However relevant, these views are quite restrictive and ignre both prehistoric and non-Western societies. Not only can ethical and charitable activities be traced to the medieval brotherhoods and corporations, but also to ancient commons and even prehistoric leisure activities. In his studies of the Middel ages, Leo Moulin (1980) described extensively what he called the transnational Cistercian networks of monasteries across Europe, also depicted as the forebears of representative democracy. Patterns of ritualized friendship among ancient Greeks have been related to patronage and philanthropy, organized into networks of ritualized friendship among the elite of ancient Greek cities. Anthropological and historial records show that the emergence of Athens as the premier city state is characterized by its aristocracy sponsoring culture (paideia) through the construction and operation of vast numbers of temples, comic, tragic and choral theatres, public hospitals, oracles at Delphi, sporting events and games at Olympia, and other community activities. They were equivalent to our tax-supported events or facilities, but were rather supported by the liturgical system of patronage (Lohman1992).
Out of Western history, Lohman also refers to cultures or political traditions defining what is equivalent to associations and philanthropy, whether secular or religious, in Chinese, Indian, Greek, Roman, Islamic (reference is to “Law, Muhammadan”) or Jewish. In ancient India, Emperor Asoka patronized the institutional base of Buddhism, just as Constantine endowed networks of Christian monasteries, monuments and temples across the Roman Empire. In Africa, the associational life has been fully analysed by Bratton and others.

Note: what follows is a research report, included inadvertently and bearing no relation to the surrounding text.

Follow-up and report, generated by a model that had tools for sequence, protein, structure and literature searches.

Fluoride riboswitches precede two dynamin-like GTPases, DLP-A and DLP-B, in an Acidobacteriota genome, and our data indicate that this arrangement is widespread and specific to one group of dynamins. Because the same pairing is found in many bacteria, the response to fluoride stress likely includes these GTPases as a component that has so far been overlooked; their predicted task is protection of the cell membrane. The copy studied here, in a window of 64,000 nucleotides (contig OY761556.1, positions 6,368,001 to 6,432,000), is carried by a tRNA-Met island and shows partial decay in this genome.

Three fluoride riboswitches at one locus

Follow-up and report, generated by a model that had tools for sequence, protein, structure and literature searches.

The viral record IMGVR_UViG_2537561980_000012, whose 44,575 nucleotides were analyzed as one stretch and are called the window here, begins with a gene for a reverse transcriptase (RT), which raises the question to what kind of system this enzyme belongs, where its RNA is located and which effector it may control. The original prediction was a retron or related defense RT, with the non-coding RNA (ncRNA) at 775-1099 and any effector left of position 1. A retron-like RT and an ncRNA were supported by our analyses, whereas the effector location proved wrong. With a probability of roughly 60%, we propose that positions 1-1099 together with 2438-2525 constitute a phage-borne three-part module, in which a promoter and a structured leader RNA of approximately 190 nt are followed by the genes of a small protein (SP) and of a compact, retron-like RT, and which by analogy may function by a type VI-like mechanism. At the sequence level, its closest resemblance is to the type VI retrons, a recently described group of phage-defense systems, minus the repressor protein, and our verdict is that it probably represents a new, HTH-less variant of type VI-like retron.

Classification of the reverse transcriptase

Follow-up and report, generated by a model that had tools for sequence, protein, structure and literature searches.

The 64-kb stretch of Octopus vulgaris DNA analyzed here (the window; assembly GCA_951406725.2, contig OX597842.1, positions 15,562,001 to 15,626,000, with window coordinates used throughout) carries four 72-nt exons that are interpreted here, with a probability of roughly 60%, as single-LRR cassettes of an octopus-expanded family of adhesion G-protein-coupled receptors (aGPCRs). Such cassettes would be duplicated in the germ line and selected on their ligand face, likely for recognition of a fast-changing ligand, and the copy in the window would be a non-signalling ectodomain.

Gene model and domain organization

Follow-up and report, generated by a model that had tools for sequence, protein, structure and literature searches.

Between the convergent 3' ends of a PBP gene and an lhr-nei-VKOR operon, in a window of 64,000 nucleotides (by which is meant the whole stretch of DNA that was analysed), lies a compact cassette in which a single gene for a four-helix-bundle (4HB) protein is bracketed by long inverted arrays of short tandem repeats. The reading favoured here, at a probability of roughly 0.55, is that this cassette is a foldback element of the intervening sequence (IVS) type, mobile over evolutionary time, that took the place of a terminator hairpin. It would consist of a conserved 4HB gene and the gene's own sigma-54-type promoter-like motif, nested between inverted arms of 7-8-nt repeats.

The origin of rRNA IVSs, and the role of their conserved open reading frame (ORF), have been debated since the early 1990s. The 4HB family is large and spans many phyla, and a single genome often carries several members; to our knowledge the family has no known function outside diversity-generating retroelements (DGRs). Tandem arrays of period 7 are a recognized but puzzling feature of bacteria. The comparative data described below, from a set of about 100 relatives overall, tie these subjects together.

From local to global
In the international sphere, public law conventionally emphasizes the prominent position of states as the main subjects of international law and the main actors in international relations. As such, those entities are the addressees of international legal rules or norms and the bearers of international obligations and rights.However, a modern development among actors is that voluntary, nonprofit entities have migrated from the familiar sphere of local associations, groups and charities into the international sphere, under the terms “international association” or, in UN vocabulary, “international nongovernmental organis(z)ation” (INGO). As a central component of civil society, international or transnational associations are usually perceived as grassroots projects of reshaping or altering social, political, cultural, scientific and other structures through formal agreements or unofficial movements, to promote democratic participation in interaction with states and interstate organizations, to challenge states and international organizations or alternatively to proclaim the end of the Westphalian system.